• Terrifyingly effective information censoring from people in authority who refuse to tell the masses what’s going on, are hiding something big and bad, and will go to literally any length to enforce their censorship. *shudders in 2021*
  • AI that’s capable of mimicking an actual human well enough to fool someone who knows that person well…….

And a list of (also minorly infested by spoilers) things I didn’t like so much:

  • All the cussing. Yes it was mostly blacked out and yes I still knew exactly what was being said.
  • All the, erm, content. Seriously. Could you STOP.
  • My favorite character died, so thanks for THAT, authors.
  • There’s this thing authors seem to ALWAYS feel the need to do, and I’m so tired of it, where if there’s a tense situation where hard decisions must be made and leadership must be assumed, people make the wrong decision at least once. Like, the good people. The good people who were previously mad at the bad people for doing the exact same thing they’re now doing themselves. I had a doubt and can’t go back to check, that actually the new commander of the Hypatia didn’t do what Kady thought she did, that maybe it was all part of AIDAN’s plan to manipulate what Kady saw going on, but I don’t think that’s what happened and I’m just SO ANNOYED. Writing it off as “panic, and the stress of assuming a leadership role you weren’t planning on having to take” is dumb, because she literally could have done the PROPER thing without endangering ANYONE. Morally grey character? Okay, I can deal. Character who randomly acts like an idiot so the book can score mOrAL CoMPLExitY points? aarGRGGHHGHH STOP IT STOP IT STOP IT /rant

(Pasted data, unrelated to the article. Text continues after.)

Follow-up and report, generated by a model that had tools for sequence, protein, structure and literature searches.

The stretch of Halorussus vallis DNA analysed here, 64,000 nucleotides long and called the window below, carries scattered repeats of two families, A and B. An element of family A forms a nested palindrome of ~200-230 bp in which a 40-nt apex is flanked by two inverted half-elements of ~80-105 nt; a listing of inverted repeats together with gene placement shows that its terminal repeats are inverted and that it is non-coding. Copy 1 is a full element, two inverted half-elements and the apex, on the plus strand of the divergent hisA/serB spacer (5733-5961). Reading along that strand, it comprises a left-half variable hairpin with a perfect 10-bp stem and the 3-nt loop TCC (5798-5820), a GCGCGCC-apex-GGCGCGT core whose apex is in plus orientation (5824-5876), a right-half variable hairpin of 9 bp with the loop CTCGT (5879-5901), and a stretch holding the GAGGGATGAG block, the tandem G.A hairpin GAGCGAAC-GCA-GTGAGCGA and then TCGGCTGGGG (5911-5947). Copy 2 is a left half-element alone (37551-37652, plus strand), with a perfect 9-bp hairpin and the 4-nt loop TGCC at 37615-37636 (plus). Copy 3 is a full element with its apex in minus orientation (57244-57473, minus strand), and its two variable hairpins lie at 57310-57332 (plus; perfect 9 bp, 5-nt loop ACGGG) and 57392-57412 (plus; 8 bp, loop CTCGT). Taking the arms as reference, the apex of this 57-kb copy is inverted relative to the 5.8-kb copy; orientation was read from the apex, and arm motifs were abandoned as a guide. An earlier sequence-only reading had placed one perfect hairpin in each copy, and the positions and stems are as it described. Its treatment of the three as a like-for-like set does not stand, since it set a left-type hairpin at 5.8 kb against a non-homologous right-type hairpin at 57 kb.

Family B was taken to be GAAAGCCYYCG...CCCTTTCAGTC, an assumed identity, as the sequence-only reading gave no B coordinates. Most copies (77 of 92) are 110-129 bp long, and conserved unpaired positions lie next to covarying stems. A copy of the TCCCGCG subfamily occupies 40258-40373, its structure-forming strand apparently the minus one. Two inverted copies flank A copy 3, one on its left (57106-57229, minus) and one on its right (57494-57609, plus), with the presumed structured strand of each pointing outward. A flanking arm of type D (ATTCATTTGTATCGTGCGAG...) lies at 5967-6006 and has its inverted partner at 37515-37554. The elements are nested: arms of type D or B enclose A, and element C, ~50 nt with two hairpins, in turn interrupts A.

In short: this book is Star Trek for the modern teenager. I love Star Trek and I’m not a teenager, but I love Star Trek very much. Hence my feelings for this book.

The Quiet Gentleman

Georgette Heyer